International Journal of Stress Management

, Volume 8, Issue 3, pp 179–200

Stress Management with Law Enforcement Personnel: A Controlled Outcome Study of EMDR Versus a Traditional Stress Management Program

Authors

    • Spencer Curtis Foundation
  • Robert H. Tinker
    • Spencer Curtis Foundation
  • Lee A. Becker
    • Department of PsychologyColorado University
  • Carol R. Logan
    • Colorado Springs Police Department
Article

DOI: 10.1023/A:1011366408693

Cite this article as:
Wilson, S.A., Tinker, R.H., Becker, L.A. et al. International Journal of Stress Management (2001) 8: 179. doi:10.1023/A:1011366408693
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Abstract

Eye Movement Desensitization and Reprocessing (EMDR) has been shown to be effective for treating posttraumatic stress disorder, but its efficacy as a stress management tool for normal individuals in highly stressful occupations has not been demonstrated. Sixty-two police officers were randomly assigned to either EMDR or a standard stress management program (SMP), each consisting of 6 hours of individualized contact. At completion, officers in the EMDR condition provided lower ratings on measures of PTSD symptoms, subjective distress, job stress, and anger; and higher marital satisfaction ratings than those in SMP. The effects of EMDR were maintained at the 6-month follow-up, indicating enduring gains from a relatively brief treatment regimen for this subclinical sample of officers who were experiencing some level of stress from their job.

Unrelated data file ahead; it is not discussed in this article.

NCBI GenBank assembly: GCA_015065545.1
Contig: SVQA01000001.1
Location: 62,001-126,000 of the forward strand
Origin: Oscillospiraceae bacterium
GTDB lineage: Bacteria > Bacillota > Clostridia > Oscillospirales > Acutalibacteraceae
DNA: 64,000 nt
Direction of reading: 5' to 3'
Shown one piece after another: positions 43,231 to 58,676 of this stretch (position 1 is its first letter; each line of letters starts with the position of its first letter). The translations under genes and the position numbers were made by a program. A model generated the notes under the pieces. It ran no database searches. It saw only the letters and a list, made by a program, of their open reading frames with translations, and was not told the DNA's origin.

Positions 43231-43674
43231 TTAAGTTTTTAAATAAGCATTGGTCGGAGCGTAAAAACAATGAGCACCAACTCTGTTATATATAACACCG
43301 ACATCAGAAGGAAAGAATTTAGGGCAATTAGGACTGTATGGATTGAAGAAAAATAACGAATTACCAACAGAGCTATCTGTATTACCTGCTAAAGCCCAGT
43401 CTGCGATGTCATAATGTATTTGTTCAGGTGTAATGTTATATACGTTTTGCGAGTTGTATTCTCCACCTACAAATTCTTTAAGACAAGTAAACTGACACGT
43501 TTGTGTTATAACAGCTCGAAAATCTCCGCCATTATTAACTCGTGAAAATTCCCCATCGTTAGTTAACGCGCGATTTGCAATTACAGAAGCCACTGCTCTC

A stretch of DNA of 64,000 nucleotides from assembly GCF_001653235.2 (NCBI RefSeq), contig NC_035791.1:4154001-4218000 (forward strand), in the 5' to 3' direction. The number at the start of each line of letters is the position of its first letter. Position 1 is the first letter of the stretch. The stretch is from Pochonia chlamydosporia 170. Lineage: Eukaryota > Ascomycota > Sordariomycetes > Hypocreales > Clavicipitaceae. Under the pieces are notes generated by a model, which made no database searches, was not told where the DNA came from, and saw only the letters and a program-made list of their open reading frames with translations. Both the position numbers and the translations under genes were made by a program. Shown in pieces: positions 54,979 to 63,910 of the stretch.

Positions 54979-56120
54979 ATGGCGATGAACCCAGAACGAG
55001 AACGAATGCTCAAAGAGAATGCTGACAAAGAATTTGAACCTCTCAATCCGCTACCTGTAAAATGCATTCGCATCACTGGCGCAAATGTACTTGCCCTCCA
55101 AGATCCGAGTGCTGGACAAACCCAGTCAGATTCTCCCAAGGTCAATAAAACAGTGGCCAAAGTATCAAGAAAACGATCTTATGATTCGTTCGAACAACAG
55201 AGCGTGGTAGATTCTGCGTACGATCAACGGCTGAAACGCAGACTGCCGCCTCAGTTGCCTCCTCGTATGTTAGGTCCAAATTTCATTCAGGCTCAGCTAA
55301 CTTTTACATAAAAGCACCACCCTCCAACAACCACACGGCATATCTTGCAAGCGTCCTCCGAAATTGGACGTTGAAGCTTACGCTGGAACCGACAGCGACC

EMDRdesensitizationstress managementpolice officerscontrolled outcome study

Copyright information

© Human Sciences Press, Inc. 2001